The U.S. economy survived the COVID-19 pandemic and associated government-imposed business shutdowns with a variety of innovations that facilitated online shopping, contactless payments, and reduced use and handling of cash, a…
Over the past 20 years, credit cards have become an increasingly popular means of paying for goods and services in Canada. Today nearly 90 percent of Canadian adults own a credit card and approximately 65 percent of all point of sale payments are made using credit cards.
During the past decade, academics—predominantly scholars of behavioral law and economics—have increasingly turned to the claimed insights of behavioral economics in order to craft novel policy proposals in many fields, most significantly consumer credit regulation.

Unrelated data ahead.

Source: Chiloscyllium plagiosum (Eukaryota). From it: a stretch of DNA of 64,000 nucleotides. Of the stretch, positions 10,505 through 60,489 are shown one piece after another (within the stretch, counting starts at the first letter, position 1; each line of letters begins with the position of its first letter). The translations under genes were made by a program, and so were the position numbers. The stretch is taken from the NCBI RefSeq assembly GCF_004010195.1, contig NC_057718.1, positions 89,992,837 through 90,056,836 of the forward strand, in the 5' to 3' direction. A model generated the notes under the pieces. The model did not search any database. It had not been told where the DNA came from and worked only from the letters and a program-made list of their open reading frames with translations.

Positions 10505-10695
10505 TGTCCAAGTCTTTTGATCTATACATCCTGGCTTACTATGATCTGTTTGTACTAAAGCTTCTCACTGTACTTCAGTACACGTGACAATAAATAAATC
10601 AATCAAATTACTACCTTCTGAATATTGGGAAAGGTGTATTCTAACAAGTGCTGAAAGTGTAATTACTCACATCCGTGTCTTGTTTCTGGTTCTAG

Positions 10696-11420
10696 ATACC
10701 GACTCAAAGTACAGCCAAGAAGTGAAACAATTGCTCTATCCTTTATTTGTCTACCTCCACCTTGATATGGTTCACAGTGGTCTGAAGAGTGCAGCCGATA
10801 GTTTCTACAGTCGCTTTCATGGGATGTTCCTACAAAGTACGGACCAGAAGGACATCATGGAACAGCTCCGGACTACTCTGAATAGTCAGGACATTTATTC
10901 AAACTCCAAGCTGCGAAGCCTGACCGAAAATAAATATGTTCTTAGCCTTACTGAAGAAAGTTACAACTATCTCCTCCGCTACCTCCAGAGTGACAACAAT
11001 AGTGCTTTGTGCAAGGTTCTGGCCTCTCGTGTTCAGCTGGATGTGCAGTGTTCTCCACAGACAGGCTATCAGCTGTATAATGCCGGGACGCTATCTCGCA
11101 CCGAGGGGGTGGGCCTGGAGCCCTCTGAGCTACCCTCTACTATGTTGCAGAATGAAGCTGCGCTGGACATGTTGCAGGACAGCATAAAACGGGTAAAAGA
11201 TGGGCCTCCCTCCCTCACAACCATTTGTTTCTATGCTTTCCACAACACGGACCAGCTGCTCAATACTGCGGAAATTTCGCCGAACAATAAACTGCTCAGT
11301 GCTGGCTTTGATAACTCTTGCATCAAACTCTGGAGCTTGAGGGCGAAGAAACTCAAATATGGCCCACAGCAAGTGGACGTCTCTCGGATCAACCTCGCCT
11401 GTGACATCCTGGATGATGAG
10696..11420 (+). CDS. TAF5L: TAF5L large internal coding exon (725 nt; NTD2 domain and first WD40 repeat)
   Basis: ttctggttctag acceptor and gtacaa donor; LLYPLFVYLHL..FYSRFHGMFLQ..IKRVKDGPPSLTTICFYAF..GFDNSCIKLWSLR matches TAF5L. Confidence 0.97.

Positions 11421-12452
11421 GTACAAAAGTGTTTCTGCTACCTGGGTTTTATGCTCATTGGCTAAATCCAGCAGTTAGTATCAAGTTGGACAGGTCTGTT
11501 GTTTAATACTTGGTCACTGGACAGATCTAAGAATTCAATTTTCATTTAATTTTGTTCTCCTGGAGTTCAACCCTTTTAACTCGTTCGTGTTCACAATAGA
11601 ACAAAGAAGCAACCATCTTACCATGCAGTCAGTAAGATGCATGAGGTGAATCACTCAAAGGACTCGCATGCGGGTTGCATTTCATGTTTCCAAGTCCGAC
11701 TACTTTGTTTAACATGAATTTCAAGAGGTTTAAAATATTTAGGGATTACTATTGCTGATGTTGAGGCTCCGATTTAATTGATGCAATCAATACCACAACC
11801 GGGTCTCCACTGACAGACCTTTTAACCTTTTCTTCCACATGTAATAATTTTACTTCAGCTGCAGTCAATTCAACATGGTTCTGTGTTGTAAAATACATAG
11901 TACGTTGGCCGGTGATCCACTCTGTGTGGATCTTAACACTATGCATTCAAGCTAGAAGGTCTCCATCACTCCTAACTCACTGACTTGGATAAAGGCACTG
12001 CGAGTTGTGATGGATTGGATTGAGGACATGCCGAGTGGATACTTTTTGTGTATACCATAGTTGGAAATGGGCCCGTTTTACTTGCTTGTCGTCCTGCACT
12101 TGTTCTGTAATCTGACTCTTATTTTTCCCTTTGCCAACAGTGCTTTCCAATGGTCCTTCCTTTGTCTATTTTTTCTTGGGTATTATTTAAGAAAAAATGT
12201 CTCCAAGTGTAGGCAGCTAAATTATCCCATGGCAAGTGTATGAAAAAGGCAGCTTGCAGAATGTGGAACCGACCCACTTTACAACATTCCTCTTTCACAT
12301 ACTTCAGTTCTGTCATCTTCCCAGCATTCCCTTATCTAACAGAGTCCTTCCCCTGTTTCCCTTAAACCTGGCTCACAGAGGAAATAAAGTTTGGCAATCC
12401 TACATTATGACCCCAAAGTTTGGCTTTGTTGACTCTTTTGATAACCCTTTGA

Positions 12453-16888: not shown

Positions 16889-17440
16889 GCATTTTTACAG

Behavioral economics has taken the academy by storm over the past two decades. The Obama administration has even looked to the discipline—which posits that psychological biases frequently lead consumers to make bad economic decisions—to shape government policy.
Petitioners base their First Amendment argument on two premises: first, that surcharges are “more effective” than discounts at altering consumer behavior; and second, that surcharges and discounts are economically equivalent except for their labels.